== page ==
The two Tu-160 bombers took off and landed at Engels airbase near Saratov in southern Russia. Photo: Russian Defence Ministry

Russian bomb planes make 25 hours record-long Arctic flight

The 20,000 km long flight took place from the Engels air base in southern Russia, via the Barents Sea to the central part of the Arctic Ocean, over the Northern Sea Route towards the Pacific with return over Siberia back to the airport.
September 19, 2020


World record for this type of aircraft, according to the Defense Ministry

The two Tu-160 supersonic long-range bombers made three mid-air refueling from six Il-78 tanker planes during the 25 hours flight. After flying north to the Barents Sea and the central Arctic Ocean, the plane flew over the Kara, Laptev, East Siberian and Chukchi Seas as well as the Pacific Ocean in Russia’s Far East.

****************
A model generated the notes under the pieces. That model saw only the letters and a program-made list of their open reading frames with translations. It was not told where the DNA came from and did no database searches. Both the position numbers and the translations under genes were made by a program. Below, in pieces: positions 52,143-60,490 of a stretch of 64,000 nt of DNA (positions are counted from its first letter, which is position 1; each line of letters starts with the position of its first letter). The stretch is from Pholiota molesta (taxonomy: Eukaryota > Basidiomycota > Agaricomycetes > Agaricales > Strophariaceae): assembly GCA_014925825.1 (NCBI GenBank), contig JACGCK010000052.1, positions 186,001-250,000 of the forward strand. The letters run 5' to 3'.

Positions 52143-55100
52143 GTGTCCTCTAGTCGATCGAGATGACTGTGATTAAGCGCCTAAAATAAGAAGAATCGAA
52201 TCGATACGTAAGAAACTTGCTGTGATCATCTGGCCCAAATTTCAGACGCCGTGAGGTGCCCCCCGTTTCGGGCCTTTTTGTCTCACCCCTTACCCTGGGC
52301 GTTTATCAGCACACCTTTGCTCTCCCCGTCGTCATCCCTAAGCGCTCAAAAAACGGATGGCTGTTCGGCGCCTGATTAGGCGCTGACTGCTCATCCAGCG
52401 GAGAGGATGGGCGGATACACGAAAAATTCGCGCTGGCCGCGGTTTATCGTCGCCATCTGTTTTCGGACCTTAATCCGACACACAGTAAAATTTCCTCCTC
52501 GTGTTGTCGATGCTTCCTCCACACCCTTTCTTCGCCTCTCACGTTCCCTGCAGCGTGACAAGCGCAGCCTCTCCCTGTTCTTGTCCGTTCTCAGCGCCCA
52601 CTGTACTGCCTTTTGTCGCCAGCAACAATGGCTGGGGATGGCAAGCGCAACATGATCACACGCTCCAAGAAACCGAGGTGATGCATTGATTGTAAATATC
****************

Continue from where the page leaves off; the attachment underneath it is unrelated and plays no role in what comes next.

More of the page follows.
For parts of the flight, the bombers were followed by Su-35 fighters. The Defense Ministry in Moscow also confirms that foreign aircraft followed the planes for part of the route, but did not specify the origin of the foreign planes.

North American Aerospace Defense Command said Saturday it had scrambled F-22 Raptors and an E-3 Airborne Warning and Control System aircraft, supported by KC-135 tankers. 

U.S. planes positively identified two Tu-160 and two Su-35 fighter aircraft entering the Alaskan Air Defense Identification Zone three times last night, according to NORAD. 

The Russian planes, flying in international airspace, were in the zone for approximately four hours.

The previous record with Tu-160 aircraft was set in June 2010, when the duration lasted for 24 hours and 24 minutes.


Welcome ceremony as the two aircraft landed after the 25 hours flight. Photo: Russian Defense Ministry




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